The legendary tiger of Tadoba Waghdoh is no more
The biggest tiger of India at Tadoba Andhari Tiger Reserve died because of old age on 23rd May 2022
(Image credits: Hindustan times)
On Monday morning, wildlife officials at Tadoba National Park witnessed the death of its oldest male tiger, ‘Waghdoh’ in the buffer zone of the park. Waghdoh was 17 years old, and the reason for his death is old age. The officials said that they found the carcass of Waghdo in the buffer zone during the morning patrolling of the park.
The demise of Waghdo is not a shock but rather a milestone for wildlife that has been lived by it. It was one of the fiercest male tigers ever seen in the park and lived its youth in the dense jungles of Tadoba.
Field director Dr Jitendra Ram Gaonkar, at Tadoba Andhari Tiger Reserve (TATR) said that Waghdoh helped in creating a few generations of Tigers in the Park. For the past two days, they had been monitoring the area for finding a male tiger attacking humans. On Monday morning when one of the Jeeps was on patrol in the buffer zone, they found Waghdo lying dead on the field.
Dr Jitendra further added that Waghdo was taken to the transit treatment in Chandrapur, where it was cremated with all the rituals.
The Waghdoh had a visible face mark, which made him fierce and fully attractive and it did attract many tourists throughout his lifetime.
(Image credits: Rediffmail)
Waghdoh (T-13), a father to 40 cubs, was one of the oldest and most popular tigers in Tadoba Andhari Tiger Reserve. This extensively photographed big cat was popular amongst tourists and wildlife enthusiasts. Addressed as ‘Big Daddy of Tadoba’ or ‘ScarFace’, Waghdoh, was a majestic creature whose charm was enough to allure people toward him. The big cat was believed to suffer an eye injury while preying on Indian Gaur near Vasant Bandhara which is why he is called ScarFace. Afterwards, Waghdoh mastered the art of killing an Indian Gaur.
(Image credits: Times of India)
His journey started from being the alpha male tiger and ruling the jungles of Mohurli, Tadoba. It was always the race of 'Survival of the fittest. In 2015, he was driven out of his space. Since then, Waghdoh was seen wandering near the buffer zone of Tadoba National Park. His old age restricted his movements and activities which is why the animal instinct propelled him to hunt cattle near forest villages. The big cat was also spotted near the coal mines of Durgapur and forests around Sinhala and Masala villages (Chandrapur forest range).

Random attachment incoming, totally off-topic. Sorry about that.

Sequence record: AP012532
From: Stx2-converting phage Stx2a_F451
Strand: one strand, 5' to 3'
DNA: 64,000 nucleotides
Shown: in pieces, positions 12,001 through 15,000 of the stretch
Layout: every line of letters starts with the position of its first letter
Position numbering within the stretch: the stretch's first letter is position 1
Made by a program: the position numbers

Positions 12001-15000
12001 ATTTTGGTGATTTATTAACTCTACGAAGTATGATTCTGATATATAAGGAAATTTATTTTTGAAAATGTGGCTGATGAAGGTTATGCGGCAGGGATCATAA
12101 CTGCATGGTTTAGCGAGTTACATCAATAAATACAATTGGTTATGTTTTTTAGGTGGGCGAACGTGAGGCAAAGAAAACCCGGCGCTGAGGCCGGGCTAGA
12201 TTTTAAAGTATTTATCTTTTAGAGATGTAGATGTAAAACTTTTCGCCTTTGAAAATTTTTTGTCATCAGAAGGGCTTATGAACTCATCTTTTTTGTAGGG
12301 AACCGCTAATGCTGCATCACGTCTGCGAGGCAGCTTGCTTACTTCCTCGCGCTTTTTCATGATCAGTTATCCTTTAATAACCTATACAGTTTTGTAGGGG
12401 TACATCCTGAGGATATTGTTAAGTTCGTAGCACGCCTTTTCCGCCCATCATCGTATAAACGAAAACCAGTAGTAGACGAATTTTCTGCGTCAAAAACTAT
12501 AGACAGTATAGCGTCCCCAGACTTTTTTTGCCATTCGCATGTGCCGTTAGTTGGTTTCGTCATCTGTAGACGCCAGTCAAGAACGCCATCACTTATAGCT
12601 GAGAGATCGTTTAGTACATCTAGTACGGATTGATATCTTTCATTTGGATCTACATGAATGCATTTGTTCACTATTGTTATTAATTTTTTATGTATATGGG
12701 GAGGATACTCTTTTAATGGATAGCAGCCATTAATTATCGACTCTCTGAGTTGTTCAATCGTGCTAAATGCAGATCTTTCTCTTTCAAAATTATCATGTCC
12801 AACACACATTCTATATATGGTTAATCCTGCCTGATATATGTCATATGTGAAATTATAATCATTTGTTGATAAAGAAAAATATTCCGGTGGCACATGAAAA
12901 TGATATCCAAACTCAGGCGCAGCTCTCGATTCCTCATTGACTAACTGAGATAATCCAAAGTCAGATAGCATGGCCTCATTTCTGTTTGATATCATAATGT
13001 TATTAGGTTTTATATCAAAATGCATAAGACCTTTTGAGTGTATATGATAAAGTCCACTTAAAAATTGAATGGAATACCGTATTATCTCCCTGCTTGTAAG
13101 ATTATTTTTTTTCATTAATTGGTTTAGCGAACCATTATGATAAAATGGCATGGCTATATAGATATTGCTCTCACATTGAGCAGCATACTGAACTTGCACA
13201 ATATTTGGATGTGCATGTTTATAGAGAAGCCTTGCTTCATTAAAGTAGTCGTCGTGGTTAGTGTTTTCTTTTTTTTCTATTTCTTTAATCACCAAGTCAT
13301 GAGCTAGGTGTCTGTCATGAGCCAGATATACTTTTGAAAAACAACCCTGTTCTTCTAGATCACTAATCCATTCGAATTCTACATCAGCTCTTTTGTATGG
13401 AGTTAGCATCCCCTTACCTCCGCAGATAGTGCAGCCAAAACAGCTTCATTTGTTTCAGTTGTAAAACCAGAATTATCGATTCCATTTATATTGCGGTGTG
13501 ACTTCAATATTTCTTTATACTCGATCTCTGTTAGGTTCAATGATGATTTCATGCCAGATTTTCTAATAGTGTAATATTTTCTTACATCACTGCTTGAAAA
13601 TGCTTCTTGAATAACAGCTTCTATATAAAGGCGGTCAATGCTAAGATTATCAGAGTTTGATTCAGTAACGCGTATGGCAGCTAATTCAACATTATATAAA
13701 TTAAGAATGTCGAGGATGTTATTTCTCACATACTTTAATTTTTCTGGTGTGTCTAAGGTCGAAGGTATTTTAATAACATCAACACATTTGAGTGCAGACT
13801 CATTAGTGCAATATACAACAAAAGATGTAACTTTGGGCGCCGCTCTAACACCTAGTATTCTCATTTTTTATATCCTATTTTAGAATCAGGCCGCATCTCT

Waghdoh was named after a waterhole in the core area of the Mohurli range where he was spotted by tourists in 2009. He was four years old when the very first sighting of Waghdoh happened. In 2010, the tiger became more popular when he defeated Yeda Anna (Broken Tail), the then so-called male ruler of Mohurli. He also managed to kill three cubs of tigress Madhuri’s first litter sired by Yeda Anna. Later on, Waghdoh mated with the same tigress to have his cubs. It is believed that the second litter by Madhuri (2011) was also sired by Waghdoh. The litters were called The tiger sisters of Telia- Sonam, Lara, Geeta, and Mona. There also exists a famous documentary featuring the Telia sisters of Tadoba. Presently, Lara and Sonam have three cubs each and they dominate the jungles of the Mohruli.
(Image credits: Rediffmail)
Waghdoh undoubtedly aided in bringing tourism to Tadoba. A major portion of tiger lineage is credited to Waghdoh inclusive of the Telia sisters. The majority of tigresses and tiger cubs sighted in the core and the buffer zones of Tadoba are believed to have the bloodline of Waghdoh. In 2015, tigress Madhuri was banished by her daughter Sonam and she moved to Agarzari-Dewada in Mohurli’s buffer area. Coincidently at the same time, Waghdoh was also ousted by Bajrang (T49). In 2016, Waghdoh settled in Dewada but was again forced out by another male tiger, Khali. Later on, he was sighted in Junona, Lohara, and Mamla forest areas.
Currently, the flourishing tiger population along with the famous tigresses like Chhoti Madhu, Sharmili, Aishwarya, W female, etc are all credited to Waghdoh.
(Image credits: David Wildlife)
Tadoba Tiger Reserve is one of the oldest reserves in the country, stretched over an area of around 1727 sq km. Apart from the big cat population, the park also accommodates wild dogs, leopards, sloth bears, bison, hyena, jungle cats and more.